I am always on the look out for feathers. If I wore a bumper sticker on my butt it would say “I stop for animal parts.” I have piles of feathers. My altar is decorated with not only feathers but also a clump of squirrel fur, deer fur, horse hair, antler tips, an actual rack of alters, leather, hide, teeth, bones and skulls. The newest editions to the family are a full crow’s wing and feet.
Animal parts make up a large portion of my ritual and magickal tools, to quote a friend of mine; “There are dead things on that altar”, enough that it’s a challenge to teach my young cat to stay off. My response to my friend was that she also has dead things on her altar; sticks, leaves, decomposing plant matter, dried flowers, acorns that will never become trees. She insisted that it is different to have a branch from a tree than a bone from a bear.
At a talk given by Judika Illes a couple of years ago she pointed out that tomatoes don’t want to be ripped from the vine. It’s just that we can’t hear them scream, unless you really try, unless you’re really attuned to the Land and that tomato plant. Of course, if you are that attuned, you’ve probably made sure to give the appropriate offerings and thanks and have explained to the tomato plant why it must be this way.
When I gather deadfall from a tree I give offerings and thanks. When I gather a shed feather from a bird I give thanks and offerings. When I cut a branch from a tree I know that I cut through living flesh, that sap is lifeblood … yet it is different than when I cut an animal. Removing the feet from a crow found dead is a different experience, even if it is not nearly as bloody and gore-filled as one might think. This point is driven home as I slice through sinew and nerve endings, causing the claw to open and close as if the bird is grasping at me. A bee might fly into my face as I gather wild chamomile in a vacant lot, but wild flowers are not going look at me with dead eyes.
When I gather animal parts there is also a methodology, just as when I gather leaves or flowers.
First and foremost, one must know the laws of the land. Depending on where you live it may be acceptable to gather from found dead animals, while in other regions it might not be. In some parts of the world even keeping an eagle feather that you found laying on the grass is breaking laws. In others you’ll need a permit or a hunting license or be a Native American. It varies a great deal. There are also laws regarding what you may sell, trade, give as a gift or what can cross borders.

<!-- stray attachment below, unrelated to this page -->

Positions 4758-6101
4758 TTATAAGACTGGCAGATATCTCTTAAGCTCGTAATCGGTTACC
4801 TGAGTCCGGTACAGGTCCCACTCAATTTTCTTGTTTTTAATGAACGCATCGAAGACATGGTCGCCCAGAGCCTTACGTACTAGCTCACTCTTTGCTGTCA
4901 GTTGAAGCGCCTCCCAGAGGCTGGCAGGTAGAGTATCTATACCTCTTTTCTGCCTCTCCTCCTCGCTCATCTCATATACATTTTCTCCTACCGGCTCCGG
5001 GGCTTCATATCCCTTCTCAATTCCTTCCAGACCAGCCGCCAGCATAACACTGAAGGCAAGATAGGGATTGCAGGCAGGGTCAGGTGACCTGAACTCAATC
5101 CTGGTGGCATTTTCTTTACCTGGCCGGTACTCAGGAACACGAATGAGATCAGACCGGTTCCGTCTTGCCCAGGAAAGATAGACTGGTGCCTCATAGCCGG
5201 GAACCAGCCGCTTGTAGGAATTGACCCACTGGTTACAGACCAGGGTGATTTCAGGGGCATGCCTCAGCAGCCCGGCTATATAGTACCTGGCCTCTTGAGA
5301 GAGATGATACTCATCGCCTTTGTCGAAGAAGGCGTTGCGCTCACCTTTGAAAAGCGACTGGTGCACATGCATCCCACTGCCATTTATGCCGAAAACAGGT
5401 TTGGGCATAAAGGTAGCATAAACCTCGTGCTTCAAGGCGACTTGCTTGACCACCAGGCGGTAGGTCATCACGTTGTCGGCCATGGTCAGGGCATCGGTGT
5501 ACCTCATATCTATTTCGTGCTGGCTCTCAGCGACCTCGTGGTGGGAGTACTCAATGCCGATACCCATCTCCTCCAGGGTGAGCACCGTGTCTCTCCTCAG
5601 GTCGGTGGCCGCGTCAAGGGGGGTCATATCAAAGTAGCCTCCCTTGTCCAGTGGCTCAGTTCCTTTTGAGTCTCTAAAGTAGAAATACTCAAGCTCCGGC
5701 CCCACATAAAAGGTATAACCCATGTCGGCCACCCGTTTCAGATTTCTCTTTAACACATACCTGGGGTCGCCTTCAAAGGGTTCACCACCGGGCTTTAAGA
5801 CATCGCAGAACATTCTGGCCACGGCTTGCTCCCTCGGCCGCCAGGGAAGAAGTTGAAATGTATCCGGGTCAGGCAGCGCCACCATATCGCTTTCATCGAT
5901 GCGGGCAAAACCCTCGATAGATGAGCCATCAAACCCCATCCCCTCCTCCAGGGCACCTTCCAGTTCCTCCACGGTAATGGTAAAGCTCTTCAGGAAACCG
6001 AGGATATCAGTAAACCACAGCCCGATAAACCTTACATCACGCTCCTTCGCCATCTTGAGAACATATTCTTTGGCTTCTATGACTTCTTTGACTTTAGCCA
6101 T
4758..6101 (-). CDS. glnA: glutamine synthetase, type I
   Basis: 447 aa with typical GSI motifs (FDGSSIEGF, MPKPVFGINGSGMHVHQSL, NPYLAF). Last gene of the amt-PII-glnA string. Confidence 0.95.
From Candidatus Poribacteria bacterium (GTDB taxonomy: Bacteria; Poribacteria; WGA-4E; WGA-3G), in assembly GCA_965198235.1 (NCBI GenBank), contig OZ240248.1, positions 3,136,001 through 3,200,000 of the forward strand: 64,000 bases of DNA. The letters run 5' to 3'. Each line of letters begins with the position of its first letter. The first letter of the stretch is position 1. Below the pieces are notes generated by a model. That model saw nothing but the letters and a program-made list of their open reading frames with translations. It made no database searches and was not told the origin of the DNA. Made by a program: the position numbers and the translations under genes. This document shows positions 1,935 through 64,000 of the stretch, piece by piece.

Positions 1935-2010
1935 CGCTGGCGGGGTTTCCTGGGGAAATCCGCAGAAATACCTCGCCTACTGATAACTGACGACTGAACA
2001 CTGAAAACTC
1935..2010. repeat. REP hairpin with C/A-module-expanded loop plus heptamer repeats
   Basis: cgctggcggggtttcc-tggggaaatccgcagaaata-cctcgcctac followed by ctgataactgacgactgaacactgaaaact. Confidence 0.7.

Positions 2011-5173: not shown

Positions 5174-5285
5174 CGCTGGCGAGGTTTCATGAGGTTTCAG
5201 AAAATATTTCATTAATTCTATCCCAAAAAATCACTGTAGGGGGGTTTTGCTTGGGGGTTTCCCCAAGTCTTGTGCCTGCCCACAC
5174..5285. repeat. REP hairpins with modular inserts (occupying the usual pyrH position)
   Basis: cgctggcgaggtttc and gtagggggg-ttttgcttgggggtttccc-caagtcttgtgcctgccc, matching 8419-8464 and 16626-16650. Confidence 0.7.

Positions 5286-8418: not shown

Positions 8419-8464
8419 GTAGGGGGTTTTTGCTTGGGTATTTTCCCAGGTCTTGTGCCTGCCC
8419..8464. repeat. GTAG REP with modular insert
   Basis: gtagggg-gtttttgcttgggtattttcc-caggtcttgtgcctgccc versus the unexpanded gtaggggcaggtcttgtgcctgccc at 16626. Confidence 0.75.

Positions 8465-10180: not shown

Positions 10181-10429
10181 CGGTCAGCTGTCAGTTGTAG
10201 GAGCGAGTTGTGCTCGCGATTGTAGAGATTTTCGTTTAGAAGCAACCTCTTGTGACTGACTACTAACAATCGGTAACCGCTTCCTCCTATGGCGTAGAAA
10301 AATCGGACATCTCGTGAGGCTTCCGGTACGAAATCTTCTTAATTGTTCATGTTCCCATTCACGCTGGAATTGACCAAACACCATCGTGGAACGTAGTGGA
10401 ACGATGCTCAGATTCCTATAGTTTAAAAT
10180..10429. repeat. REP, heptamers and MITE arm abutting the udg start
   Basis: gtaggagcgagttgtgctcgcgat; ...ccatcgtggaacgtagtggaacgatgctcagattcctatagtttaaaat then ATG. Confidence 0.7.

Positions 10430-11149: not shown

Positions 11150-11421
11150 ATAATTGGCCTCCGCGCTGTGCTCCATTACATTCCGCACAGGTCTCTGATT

When you wildcraft, garden or gather plants material there are also rules and laws to consider. Folks who choose to go the route of guerrilla gardening or planting on public spaces are running the risk of waking up one morning to find the city has destroyed their work. National and provincial/state parks often do not allow you to take so much as a pine cone. Vacant lots and other semi-wild urban areas might be sprayed with nasty pesticides or chemicals, something you will want to know about before walking into the place looking for some nice Queen Anne’s Lace for a natural dye.
Some people may choose to knowingly break these laws, for religious purposes or as an act of civil disobedience. It can be a hard pill to swallow; knowing that poor road killed deer may be unceremoniously dumped in a landfill by city workers. Especially when you yourself would honour it with love and in ritual, keeping a small piece so that it’s memory may live on. This is an ethical choice each must make, a risk that you must choose to or not to accept. But do so with full knowledge of the laws and the consequences of breaking said laws. While we may resent and question the laws and the law makers, keep in mind that often these laws are created to protect the Land. As a Pagan, Witch or Heathen, is it in your personal code of ethics to violate laws set forth to protect Mother Earth and Her creatures? Even if you find the laws to be unfair to you? Is it worth sneaking a pretty piece of quartz from a national park?